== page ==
In Minnesota, Xcel Energy put out a pledge to be carbon-free by 2050 via news release late in the day on Tuesday — complete with prepared quotes from Colorado politicians.

In Colorado, it was a big story, the first big utility pledging to be carbon-free. And it was played that way by Xcel at the Denver Museum of Nature & Science, where political leaders got invited to speak, too.

It certainly looks like a savvy PR move to invite that state's governor-elect, who had just successfully campaigned in part on a pledge of all-renewable electricity statewide by 2040, to stand behind a podium with an Xcel Energy logo and talk carbon-free electricity.

Yet attributing this pledge to simple PR doesn't give Xcel nearly enough credit.

The desire for carbon-free energy in the left-leaning enclaves of Colorado aren't that different from those of many Fortune 500 companies here in Minnesota. And providing what people want is fundamental to what a successful business does.

What we have here might simply be a case of a big company going carbon-free to meet the rising expectations of its customers.

Xcel's pledge actually came in two parts. One was a promise to deliver completely carbon-free electricity to customers by 2050. The other was a nearer-term promise to reduce carbon emissions 80 percent by 2030 from the emission levels of 2005 in the eight states the Minneapolis-based company serves.

One big difference between these two objectives, as explained by Xcel Chairman and CEO Ben Fowke last week, is that the 2030 plan can be pulled off with existing, commercially viable technology. To make it all the way to carbon-free by 2050, some technologies or approaches not yet proven will have to be invented or perfected.

Fowke doesn't sound that worried about achieving the 2050 goal. An electric utility isn't really set up to do a lot of research and development, and Xcel won't be taking on big technology risks, yet he sounds confident that solutions will present themselves.

He described the company as "technology agnostic," committed to generating cheap, reliable and carbon-free electric power rather than to any particular process or technology.

Carbon-free isn't the same thing as completely renewable, either, meaning that the company could come across some form of commercially viable carbon capture process that would allow for fossil fuel-fired power generation to continue.

The company made its announcement now for a few reasons, Fowke said, including that the recent climate forecasts are only getting more alarming. "To ignore the risk I think is really just foolish," he said, "particularly when we can take out an insurance policy that costs next to nothing."

His allusion to costs of next to nothing wouldn't have been possible 10 years ago, when a pledge to go carbon-free would've been seen as pie-in-the-sky. What's made it possible now is the continuing decline in the cost of renewable energy.

"We're buying wind at less than $20 a megawatt hour today," Fowke said. "That compares to $65 where it was 10 years ago. That is a better deal than I can do on the fossil side, and that's even with low natural gas prices."

This price for wind generation includes the effect of a federal production tax credit subsidy, which is scheduled to roll off. Fowke said the expiring subsidy will lead to only a "temporary uptick" in cost, and added that he was once skeptical that there would be any more significant efficiencies to be gained from wind generation.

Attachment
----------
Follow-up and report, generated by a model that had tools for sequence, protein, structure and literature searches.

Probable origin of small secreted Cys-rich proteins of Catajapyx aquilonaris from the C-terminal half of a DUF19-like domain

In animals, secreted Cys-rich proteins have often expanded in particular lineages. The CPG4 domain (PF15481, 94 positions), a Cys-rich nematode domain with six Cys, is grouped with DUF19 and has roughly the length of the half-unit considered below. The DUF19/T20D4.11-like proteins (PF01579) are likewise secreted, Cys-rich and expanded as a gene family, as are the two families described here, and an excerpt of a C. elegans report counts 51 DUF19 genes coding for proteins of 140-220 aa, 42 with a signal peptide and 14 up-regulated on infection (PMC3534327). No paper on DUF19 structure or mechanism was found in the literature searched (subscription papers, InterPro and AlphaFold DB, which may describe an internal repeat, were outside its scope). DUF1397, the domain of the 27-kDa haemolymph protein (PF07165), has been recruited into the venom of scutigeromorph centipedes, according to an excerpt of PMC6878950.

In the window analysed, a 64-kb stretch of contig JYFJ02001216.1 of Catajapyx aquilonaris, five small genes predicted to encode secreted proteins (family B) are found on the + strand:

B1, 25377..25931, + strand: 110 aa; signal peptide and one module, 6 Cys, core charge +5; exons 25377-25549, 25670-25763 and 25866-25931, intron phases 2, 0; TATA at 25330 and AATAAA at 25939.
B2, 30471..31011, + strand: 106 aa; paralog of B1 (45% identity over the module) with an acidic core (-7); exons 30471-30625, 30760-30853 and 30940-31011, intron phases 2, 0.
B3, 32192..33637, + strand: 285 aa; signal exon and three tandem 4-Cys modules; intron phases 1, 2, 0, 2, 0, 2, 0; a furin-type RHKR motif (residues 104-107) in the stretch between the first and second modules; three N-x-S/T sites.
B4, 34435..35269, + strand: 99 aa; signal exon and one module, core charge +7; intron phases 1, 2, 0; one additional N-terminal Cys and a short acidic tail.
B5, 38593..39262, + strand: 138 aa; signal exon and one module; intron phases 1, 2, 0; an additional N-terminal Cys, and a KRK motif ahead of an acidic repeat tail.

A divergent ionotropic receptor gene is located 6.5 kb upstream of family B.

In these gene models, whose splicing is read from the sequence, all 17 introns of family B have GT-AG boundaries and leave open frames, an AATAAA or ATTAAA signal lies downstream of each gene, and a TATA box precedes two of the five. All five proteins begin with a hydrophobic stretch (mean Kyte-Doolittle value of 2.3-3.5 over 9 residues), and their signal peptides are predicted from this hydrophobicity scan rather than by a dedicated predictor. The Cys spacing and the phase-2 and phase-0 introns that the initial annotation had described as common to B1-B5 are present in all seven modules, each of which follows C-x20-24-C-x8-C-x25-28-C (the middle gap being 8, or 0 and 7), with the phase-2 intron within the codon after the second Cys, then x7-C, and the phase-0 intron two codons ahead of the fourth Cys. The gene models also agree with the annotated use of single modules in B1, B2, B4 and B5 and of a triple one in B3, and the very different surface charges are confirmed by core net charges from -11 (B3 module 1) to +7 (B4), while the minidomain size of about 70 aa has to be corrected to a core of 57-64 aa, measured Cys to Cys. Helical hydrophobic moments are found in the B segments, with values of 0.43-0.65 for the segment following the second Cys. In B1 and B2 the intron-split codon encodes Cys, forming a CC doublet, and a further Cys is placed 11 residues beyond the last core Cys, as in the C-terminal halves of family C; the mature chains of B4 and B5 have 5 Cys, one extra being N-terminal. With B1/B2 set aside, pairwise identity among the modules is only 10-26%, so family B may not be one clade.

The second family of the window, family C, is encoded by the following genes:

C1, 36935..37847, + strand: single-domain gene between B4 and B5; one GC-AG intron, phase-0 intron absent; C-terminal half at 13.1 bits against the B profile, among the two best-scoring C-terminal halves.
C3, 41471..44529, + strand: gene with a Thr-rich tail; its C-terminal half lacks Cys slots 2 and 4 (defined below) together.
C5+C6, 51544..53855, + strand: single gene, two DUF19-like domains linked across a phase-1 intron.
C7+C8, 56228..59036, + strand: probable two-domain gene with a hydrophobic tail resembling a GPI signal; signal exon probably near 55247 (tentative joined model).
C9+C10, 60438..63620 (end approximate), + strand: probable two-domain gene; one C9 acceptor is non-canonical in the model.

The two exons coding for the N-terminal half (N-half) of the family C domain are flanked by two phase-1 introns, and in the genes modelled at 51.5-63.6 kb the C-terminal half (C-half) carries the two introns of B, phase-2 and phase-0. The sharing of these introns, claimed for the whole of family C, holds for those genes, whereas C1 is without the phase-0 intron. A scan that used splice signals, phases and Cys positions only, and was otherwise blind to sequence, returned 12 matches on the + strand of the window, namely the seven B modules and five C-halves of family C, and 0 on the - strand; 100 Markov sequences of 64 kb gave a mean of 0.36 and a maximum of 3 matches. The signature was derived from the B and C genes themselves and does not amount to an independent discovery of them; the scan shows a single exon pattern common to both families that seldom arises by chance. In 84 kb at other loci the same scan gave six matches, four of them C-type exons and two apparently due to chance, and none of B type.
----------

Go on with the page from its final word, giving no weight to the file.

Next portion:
He's already been proven wrong. As he put it, "I am very optimistic we will continue to see costs decline" for renewable generation.

And the company has probably made more progress in building its renewable portfolio than customers realize. Last weekend in Colorado the company reached a new high-water mark for renewable power generation, with nearly 73 percent of the power used by customers for one hour coming from renewable sources. That's a little higher than the record reached here in the Upper Midwest.

As Fowke described it, a low enough price for power is obviously part of giving customers what they want. They want carbon-free energy but don't want to pay any more for it, and they sure don't want to see the electric utility take a technology risk that means the lights might not come on when it's time to open for business on Monday.

The customer's case for clean energy is actually an easy one to make, said Michael Noble of the clean energy research and advocacy group Fresh Energy. Solar and wind generation do not need any purchased fuel. That means that unlike fossil fuel generation, renewable generation isn't vulnerable to spikes in prices for gas or coal, so customers can plan on stable costs for electricity.

As an example he described his plans for his own car, a new Kia Niro plug-in hybrid small crossover that he first drove home just last week. When he switches the battery charger over to night electric rates offered by Xcel, he will have effectively locked in an equivalent gasoline fuel price of 50 cents per gallon for a car rated at 105 miles per gallon.

"You and I both know that we have no idea if gas is going to be $1 per gallon or $4, or if natural gas is going to be $4 or $14" per million BTUs, he said.

Now higher gas prices won't be something he worries about.

Fowke said Xcel's chief financial officer has been taking telephone calls from shareholders, and Fowke understood them to be more curious about Xcel's carbon-free pledge than skeptical.

"It's important that they see it as something positive," Fowke said, "because if they do, it almost assures that other utilities across the nation will adopt this model."

At last check, at the end of a very rough week for U.S. stocks, Xcel Energy shares traded at just a touch under their 52-week high price, at more than $53 per share.